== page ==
The art and science of perfect posters


By Mardi Chapman

21 Nov 2018

Dr Tullio Rossi_Animate Your Science

Dr Tullio Rossi

Any frequent flyer at medical conferences has seen them while absentmindedly strolling the poster aisles – the occasional overworked poster crammed with too much text, multiple tables and multiple figures.

As a bonus, some posters feature fluoro colours, images as watermarks or a font size that requires the use of surgical loupes.

Visual assault aside, the problem with overblown posters is that the valuable content gets lost.

Dr Tullio Rossi, a former marine biologist now science communicator, told the limbic the busy poster is overwhelming for the viewer and they move on. The opportunity to share the findings are lost.

“Researchers want to show it all. You’ve done all the work. You’re proud of all the graphs you’ve produced and all the results you’ve got so you put it all on your PowerPoint slides or on your poster and then it completely backfires because it’s counterproductive to show everything.”

“You could have the best content ever but if you show too much you turn people off; you literally scare them off.”

While many conference organisers issue poster guidelines, Dr Rossi said word and graph limits should probably be enforced.

He said one of the worst ideas is an adding an abstract to a poster.

“The poster as a whole is the visual version of that abstract. So there is absolutely no point in slapping on a 200 to 250 word block of text as an abstract on a poster.”

Dr Rossi, who had a background in graphic design before he started in marine biology, said he realised he had found his niche in science communication while working on his PhD.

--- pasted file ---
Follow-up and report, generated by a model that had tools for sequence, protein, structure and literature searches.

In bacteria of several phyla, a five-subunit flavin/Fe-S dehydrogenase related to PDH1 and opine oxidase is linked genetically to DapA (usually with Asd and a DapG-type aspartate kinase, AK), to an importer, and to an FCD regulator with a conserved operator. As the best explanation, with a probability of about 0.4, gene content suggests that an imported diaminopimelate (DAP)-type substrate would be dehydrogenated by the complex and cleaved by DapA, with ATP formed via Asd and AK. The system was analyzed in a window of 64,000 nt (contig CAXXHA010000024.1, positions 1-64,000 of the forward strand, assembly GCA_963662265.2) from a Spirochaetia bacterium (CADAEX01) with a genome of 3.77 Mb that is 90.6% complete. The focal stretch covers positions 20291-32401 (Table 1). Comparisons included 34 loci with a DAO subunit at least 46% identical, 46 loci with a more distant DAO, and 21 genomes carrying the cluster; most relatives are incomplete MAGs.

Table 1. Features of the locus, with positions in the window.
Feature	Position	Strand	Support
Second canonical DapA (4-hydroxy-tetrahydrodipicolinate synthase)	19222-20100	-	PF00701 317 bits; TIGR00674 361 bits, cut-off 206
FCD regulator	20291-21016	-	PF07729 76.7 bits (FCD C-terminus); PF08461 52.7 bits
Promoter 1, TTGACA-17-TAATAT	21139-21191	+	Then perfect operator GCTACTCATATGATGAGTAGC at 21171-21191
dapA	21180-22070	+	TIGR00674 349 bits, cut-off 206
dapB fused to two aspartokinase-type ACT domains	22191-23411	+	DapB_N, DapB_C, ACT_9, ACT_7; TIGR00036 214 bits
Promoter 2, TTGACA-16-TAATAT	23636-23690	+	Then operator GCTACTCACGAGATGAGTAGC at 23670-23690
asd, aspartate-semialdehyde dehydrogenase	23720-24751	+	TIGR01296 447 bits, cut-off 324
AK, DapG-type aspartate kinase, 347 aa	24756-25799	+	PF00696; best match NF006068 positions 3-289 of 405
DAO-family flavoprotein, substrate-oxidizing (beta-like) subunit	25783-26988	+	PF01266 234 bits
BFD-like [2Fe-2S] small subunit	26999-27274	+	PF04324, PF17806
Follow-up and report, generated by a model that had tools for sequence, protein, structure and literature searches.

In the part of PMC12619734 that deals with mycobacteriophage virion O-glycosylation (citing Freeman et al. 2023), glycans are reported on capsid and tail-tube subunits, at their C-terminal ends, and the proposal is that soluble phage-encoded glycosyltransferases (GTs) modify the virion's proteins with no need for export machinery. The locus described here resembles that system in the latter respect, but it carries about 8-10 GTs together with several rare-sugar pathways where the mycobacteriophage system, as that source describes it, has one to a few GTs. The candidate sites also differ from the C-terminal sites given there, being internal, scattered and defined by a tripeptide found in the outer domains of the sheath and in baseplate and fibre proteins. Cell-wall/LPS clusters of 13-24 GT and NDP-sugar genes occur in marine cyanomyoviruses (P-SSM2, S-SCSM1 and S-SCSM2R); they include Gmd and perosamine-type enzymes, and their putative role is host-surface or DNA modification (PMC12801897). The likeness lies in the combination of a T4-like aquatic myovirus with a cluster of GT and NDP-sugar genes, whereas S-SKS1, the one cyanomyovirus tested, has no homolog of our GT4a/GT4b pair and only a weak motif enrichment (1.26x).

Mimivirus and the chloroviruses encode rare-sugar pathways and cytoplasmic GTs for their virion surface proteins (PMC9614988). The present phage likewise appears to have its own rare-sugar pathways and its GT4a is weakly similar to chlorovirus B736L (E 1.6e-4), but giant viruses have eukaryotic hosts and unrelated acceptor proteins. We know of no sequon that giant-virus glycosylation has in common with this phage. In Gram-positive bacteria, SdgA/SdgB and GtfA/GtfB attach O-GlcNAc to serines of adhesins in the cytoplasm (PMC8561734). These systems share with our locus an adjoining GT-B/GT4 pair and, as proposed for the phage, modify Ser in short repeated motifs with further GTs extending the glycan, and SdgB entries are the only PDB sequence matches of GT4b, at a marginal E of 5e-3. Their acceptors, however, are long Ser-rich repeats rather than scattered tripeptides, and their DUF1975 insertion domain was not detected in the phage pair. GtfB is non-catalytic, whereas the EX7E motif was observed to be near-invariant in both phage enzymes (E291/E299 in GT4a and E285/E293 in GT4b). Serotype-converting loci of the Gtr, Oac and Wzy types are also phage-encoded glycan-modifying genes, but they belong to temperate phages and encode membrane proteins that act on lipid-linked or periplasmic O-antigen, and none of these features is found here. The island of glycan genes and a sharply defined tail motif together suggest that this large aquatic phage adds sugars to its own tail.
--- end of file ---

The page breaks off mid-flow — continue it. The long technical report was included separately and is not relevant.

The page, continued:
“It made me realise that lots of researchers didn’t have the same skillsets or didn’t have the time so I completely changed the trajectory of my career and decided I didn’t want to do a postdoc and would instead start my own business.”

Now director of Animate Your Science in Adelaide, he works with individual researchers, government, science museums and universities to help communicate science via animation, graphical abstracts, illustrations, infographics and more.

“Having a PhD experience is key to what I am doing. I would not be doing what I am doing without that. The two things come together beautifully and I found a fantastic niche in which to work.”

Dr Rossi said researchers could improve their scientific posters by following some simple principles such as not including too much information and instead leaving what designers call negative space.

In his tip sheet for how to design an award-winning poster, he recommends fewer than 200 words, only one or two graphs, a limited number of colours, and only one or two fonts. And don’t forget the contact details.

“Another thing that people should put on their poster is a little photo of themselves. People relate to faces more than words so that is important.”

“You don’t need to be an expert in design to do this. The average researcher is perfectly able to do a good poster using PowerPoint. Of course if you hire a professional it will take it to the next level but I think with a little effort, everyone can make posters that look good and don’t overwhelm people.”

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